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Ask a sports reporter about the future of the NFL (such as the way Peter Robinson asked Andrew Beaton of The Wall Street Journal on this week’s Ricochet Podcast) and one usually gets a recitation of the latest Nielsen ratings. Yes, football dominates today’s airwaves. But that is like complimenting a paint job on an old home where the timbers in the basement are a rotting mess of leaking water and a banquet for termites. The old place has charm – but for how long?
If you don’t like the building metaphor and wish to stick with sports, the National Football League is a thoroughbred racehorse, beautiful, sleek, and very powerful and yet dependent on very fragile legs that are sometimes asked to bear up to ten times the pressure of the horse’s weight. A slight bump, an entanglement with another animal, a sharper than anticipated turn and it collapses into a fall that is over 80% fatal.
As Peter noted in the podcast, more and more parents are saying “no” to the sport. Participation in youth leagues has been steadily declining, losing almost 40% of its participants since 2008. This has led to a decline in the high school game as well, but with the reductive nature of sports (most kids bail on organized sports by the time they turn 15) it’s off a more modest 3%.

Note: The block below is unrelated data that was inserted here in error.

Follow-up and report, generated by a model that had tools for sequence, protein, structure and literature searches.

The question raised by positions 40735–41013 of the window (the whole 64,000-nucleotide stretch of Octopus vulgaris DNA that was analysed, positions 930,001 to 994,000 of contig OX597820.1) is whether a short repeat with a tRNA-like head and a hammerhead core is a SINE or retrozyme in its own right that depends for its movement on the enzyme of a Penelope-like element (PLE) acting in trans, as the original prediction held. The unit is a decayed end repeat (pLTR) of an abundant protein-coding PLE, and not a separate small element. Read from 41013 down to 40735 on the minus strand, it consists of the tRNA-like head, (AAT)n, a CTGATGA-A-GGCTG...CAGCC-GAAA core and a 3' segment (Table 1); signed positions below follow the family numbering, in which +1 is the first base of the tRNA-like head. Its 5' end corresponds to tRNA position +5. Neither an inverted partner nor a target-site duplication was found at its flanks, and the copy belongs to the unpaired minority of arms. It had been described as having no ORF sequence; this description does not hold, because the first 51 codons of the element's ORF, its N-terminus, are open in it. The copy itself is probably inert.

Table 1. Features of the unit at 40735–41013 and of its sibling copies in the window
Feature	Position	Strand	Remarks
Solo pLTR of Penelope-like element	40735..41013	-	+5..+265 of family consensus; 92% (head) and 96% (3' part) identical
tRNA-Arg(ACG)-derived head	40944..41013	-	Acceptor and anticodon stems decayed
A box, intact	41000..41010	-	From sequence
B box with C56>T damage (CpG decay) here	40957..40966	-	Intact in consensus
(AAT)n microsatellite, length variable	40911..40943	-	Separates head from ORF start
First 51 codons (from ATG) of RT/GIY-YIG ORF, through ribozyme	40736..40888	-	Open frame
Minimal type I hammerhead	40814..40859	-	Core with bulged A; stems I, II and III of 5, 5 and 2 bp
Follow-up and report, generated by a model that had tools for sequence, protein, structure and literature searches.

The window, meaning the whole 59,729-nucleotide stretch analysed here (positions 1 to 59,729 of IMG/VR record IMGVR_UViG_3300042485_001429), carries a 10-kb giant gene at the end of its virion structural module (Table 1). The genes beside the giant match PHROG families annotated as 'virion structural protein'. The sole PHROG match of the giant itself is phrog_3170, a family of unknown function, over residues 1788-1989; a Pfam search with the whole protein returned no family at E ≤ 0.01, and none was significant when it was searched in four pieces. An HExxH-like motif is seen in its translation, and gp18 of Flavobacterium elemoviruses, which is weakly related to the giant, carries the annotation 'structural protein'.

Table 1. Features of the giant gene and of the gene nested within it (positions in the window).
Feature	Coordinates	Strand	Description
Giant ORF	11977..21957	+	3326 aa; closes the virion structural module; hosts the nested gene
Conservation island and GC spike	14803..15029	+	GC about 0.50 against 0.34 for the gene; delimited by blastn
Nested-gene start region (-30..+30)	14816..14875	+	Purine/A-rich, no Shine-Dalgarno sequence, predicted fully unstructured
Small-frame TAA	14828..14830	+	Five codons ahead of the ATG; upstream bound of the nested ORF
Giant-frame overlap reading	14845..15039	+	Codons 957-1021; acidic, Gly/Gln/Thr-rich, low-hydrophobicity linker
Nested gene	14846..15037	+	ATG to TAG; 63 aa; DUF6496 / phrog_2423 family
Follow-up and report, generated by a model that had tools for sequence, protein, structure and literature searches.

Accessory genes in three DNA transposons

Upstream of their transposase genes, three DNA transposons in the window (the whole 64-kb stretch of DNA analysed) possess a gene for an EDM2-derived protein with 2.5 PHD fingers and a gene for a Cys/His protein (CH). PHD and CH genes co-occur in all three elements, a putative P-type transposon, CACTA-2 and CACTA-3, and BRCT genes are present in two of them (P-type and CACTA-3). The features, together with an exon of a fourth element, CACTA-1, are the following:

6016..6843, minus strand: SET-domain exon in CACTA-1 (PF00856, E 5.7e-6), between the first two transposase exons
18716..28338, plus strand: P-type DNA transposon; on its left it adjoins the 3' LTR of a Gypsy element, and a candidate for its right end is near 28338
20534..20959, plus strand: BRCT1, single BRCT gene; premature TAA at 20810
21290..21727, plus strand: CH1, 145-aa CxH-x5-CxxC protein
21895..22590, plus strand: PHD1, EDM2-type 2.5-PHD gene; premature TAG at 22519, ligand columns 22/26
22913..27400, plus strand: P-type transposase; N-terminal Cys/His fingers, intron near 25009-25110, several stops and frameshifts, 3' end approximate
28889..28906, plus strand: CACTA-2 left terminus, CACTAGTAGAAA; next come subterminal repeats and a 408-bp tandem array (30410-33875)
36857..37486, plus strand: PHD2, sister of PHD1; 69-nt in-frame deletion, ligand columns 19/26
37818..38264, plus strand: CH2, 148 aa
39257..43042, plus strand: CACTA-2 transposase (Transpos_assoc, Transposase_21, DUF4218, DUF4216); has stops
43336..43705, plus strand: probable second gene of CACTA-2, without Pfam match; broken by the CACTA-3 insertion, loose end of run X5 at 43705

But those numbers could worsen and quickly. So far, the courts have been reluctant to side with parents over injuries. But that has been limited to immediate, traumatic injuries. Most school boards demand a waiver to play football and parents and participants have to acknowledge the risks when players don the pads and helmet. And then comes CTE.
Chronic Traumatic Encephalopathy is a long-term degenerative brain disease. It can lead to debilitating headaches, cognitive problems, and depression. No one knows how widespread it is because it cannot be diagnosed with certainty in the living and can only be confirmed by autopsy. But young men who have played the game and taken their own lives as young as ages 18 and 21 have shown to be suffering from it.
In 2018 the family of former University of Texas defensive lineman Greg Ploetz decided to test the limits of past participation in the sport by suing the NCAA for negligence. (Ploetz, who was a member of the 1969 Longhorns squad that won the National Championship, passed away in a long term care facility in 2015.) After three days of testimony, the NCAA pursued a settlement and set up a $70M fund to address further claims. There is another class-action suit working its way through the courts now.
Should that trickle down to the high school level – and should insurance companies decide that the game can no longer be underwritten, the fragile legs that support the game at the pro and college level will collapse. There will be rehabilitation attempts, but the window for recovery will be as small as any thoroughbred’s.
In the year that the Ploetzes settled their suit with the NCAA only 839,000 kids, ages 6-12, were playing youth tackle football. Compare that to baseball and basketball which were both north of the 4 million mark. And unlike those sports, there is no backup talent pool playing elsewhere. Major League Baseball can continue to recruit from the poor streets of places like San Pedro de Macorís (D.R.) and Caracas, Venezuela. The NBA can always rely on coaches from smaller colleges hanging out in the inner cities to scout for talented ballers. There is nowhere else where the NFL can turn.Published in